Art Craft Design National Network presents: Curating fashion for a contemporary context
12:45pm – 4:15pm Monday 4 June 2018
Forum Theatre, Level 1, Arts West North Wing, Professor’s Walk, The University of Melbourne, Parkville
To download the ACD National Network Workshop program (including map), please click here.
REGISTRATION FOR THE ACD NETWORK WORKSHOP IS NOW CLOSED. If you would like to register on the day at the door, please be sure to contact Debbie on firstname.lastname@example.org before 11:30am on Monday 4 June.
In recent years, we have seen an increase in exhibitions of fashion in art galleries, from Vivienne Westwood to Valentino, from the House of Dior to the recent exhibition at Bendigo Art Gallery of Hollywood costume designer Edith Head. One could attribute the success of attracting local and interstate audiences to astute staging and marketing of fashion exhibitions. But there is more to it than clever marketing. Join a panel of international, national, local and regional experts in discussion about how fashion is curated in a contemporary context.
All prices are in AUD and are inclusive of GST (includes afternoon tea):
MGA Members attending the main conference $35.00
MGA Members not attending the main conference $55.00
Non-members attending the main conference $65.00
Non-members not attending the conference $85.00
For further information contact Debbie Abraham on (02) 4965 8260 or email@example.com
This session was developed to support the Museums Galleries Australia National Conference and to enhance the position of the arts in the conference program. Curating fashion for a contemporary context was developed by the Art Craft Design National Network in partnership with 2018 Museums Galleries Australia Conference Committee. Shonagh Marshall’s attendance is generously supported by the Gordon Darling Foundation.
1:00pm Introduction, Chair ACD NN Debbie Abraham
1:05pm Shonagh Marshall: independent London-based fashion curator
Curating contemporary culture
Labelled as a fashion curator Shonagh Marshall would instead place her practice within the boundary of contemporary culture. In this talk she will begin by outlining previous fashion exhibitions she has curated, focusing on Isabella Blow: Fashion Galore, Hair by Sam McKnight and Posturing. She will then go on to outline all the ideas that she has had that haven’t yet gone ahead and the reasons why. Asking the audience to consider is she a ‘Fashion Curator’, what does this really mean today and where should her curatorial practice live?
1:55pm Roger Leong: Senior Curator, Museum of Applied Arts and Sciences, Sydney
Faith, Fashion, Fusion: Muslim Women’s Style in Australia
A discussion about the development and impact of a small exhibition which first appeared at the Powerhouse Museum in 2012 and has since toured extensively across Australia. In 2017-18 the exhibition toured to Kuala Lumpur and Djakarta with further international venues currently under discussion.
2:15 Paola di Trocchio: Acting Senior Curator, Fashion and Textiles, National Gallery Victoria
Luxury and the museum in the 21st century
While fashion has actively been collected and displayed in museums since the early twentieth century, the presentation of the Metropolitan Museum of Art’s 2011 exhibition, Alexander McQueen: Savage Beauty shifted the field of fashion curatorial practice due to its outstanding audience attendance, dramatic staging and complex subject. This presentation will look at the fashion exhibition in the twenty-first century and the unique positioning of the NGV in this field.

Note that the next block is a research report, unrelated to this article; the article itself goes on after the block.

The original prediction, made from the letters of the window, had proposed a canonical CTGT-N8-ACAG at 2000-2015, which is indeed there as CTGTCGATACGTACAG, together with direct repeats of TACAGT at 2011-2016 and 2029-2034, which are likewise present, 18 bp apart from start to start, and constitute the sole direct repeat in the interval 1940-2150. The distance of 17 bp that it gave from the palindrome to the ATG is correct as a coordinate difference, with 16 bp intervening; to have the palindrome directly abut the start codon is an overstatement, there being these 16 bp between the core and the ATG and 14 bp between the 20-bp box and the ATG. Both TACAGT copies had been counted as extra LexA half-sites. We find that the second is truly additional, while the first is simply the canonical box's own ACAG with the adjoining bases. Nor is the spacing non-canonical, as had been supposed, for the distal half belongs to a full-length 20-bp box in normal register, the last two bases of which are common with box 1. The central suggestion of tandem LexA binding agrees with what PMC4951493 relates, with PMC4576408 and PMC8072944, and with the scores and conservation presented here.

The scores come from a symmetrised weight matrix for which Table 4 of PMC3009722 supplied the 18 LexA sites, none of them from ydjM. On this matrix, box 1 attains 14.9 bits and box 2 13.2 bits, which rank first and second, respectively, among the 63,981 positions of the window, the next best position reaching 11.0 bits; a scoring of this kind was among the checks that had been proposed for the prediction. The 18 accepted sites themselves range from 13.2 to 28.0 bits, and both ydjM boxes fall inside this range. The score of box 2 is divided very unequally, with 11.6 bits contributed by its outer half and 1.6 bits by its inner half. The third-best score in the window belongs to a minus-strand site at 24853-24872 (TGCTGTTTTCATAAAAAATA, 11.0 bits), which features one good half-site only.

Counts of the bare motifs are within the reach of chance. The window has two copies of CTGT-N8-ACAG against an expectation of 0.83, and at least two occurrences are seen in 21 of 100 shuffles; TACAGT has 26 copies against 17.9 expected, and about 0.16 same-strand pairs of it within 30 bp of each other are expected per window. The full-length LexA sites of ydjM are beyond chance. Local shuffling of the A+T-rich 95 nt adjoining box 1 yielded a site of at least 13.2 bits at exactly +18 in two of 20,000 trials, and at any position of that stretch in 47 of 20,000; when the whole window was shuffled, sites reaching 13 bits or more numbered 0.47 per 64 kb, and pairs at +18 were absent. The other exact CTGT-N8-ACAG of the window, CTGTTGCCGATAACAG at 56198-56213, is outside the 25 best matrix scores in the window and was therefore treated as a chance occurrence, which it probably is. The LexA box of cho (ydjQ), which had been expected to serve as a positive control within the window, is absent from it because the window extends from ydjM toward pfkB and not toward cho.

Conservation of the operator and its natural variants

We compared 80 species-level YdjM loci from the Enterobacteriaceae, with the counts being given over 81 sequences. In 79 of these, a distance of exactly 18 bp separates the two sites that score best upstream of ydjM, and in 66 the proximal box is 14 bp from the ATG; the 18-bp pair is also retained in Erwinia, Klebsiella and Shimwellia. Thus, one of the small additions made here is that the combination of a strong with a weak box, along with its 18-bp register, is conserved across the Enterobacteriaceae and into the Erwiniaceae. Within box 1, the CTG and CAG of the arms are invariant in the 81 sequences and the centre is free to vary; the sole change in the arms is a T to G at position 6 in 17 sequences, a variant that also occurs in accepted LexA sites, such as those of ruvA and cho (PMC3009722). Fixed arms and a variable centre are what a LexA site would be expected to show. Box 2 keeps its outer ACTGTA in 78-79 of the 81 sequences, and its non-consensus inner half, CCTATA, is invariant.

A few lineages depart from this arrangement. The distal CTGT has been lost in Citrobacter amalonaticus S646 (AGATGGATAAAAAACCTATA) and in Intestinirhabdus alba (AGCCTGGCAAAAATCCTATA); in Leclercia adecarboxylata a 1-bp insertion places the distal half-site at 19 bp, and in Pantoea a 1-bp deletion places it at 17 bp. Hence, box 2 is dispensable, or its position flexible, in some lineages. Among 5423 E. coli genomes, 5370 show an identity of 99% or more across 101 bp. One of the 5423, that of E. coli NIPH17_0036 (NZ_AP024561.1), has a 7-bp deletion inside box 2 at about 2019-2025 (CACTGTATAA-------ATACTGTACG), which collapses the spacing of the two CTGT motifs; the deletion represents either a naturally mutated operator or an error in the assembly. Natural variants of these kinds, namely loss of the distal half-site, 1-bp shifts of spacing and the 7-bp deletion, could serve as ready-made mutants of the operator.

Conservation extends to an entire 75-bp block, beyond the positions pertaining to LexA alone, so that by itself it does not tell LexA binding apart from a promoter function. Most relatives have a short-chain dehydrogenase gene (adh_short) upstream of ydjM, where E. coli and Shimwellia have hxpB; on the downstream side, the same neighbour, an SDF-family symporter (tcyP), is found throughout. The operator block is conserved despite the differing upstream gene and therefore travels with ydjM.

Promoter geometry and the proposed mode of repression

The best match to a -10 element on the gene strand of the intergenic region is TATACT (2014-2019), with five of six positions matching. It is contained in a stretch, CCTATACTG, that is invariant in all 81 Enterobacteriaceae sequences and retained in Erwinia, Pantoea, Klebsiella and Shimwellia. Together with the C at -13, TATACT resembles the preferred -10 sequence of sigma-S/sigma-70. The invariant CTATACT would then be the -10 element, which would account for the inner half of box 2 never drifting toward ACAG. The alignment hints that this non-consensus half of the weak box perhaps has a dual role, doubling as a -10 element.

2:35pm Afternoon tea
3:05pm Peter McNeil: Distinguished Professor of Design, University of Technology Sydney and Aalto Finland
Men in the Museum: from Bathurst to Los Angeles, outback to downtown.
Curatorial and associated exhibition writing occurs across all scales and locations, from the local to the global. This paper considers how men’s fashion and fashionability was used as a conceptual frame in thinking through audiences and addresses across two very different locations, Bathurst and Los Angeles/Sydney. The former case is Richard Perram’s The Unflinching Gaze: photo media and the male figure (Bathurst Regional Art Gallery, 2017) which included images of men in fashion/fashion in men, both conventional and transgressive. Reigning Men: Fashion in Menswear 1715-2015 (Los Angeles County Museum of Art: touring to St Louis, currently on display at MAAS/Powerhouse, Sydney) is the largest exhibition of men’s fashion ever assembled. How were the themes ‘cut’, what stories were told, and how can audiences imagine themselves in and through such exhibitions? How were aspects of fashion linked to the refashioning of the male body over time, as well as queer and other politics today?
3:20pm Grace Lillian Lee
Culture to catwalk
Grace Lillian Lee is a multicultural Australian artist known for drawing inspiration from her Indigenous heritage. Through collaborations with Australian Indigenous communities and their art centres, she has created a platform for cultural expression and celebration by way of fashion performances. These are instrumental in engaging young people from remote communities and providing an opportunity for them to represent and be proud of their culture and country through fashion and performance.
3:40pm Karen Quinlan: Director, Bendigo Art Gallery
For the love of Fashion
Bendigo Art Gallery has been exploring aspects of fashion history, design and popular culture over the past ten years through a range of curated exhibitions and through collaborations with international cultural institutions. The challenges and impact of such programming will be discussed with some case studies about past exhibitions and those planned for the future.
Shonagh Marshall is an independent London-based fashion curator focusing on clothing’s role in contemporary culture. Shonagh began her career archiving the Alexander McQueen Collection for the Metropolitan Museum of Art Costume Institute’s exhibition Alexander McQueen: Savage Beauty. Following this, she archived the Christian Louboutin Collection and the Isabella Blow Collection. Appointed at Somerset House in 2012 as Assistant Curator Shonagh worked on Valentino: Master of Couture and Tim Walker: Story Teller. Becoming Curator in 2013 she co-curated Isabella Blow: Fashion Galore! — the first exhibition to explore the late, great fashion editor’s clothing collection and life story.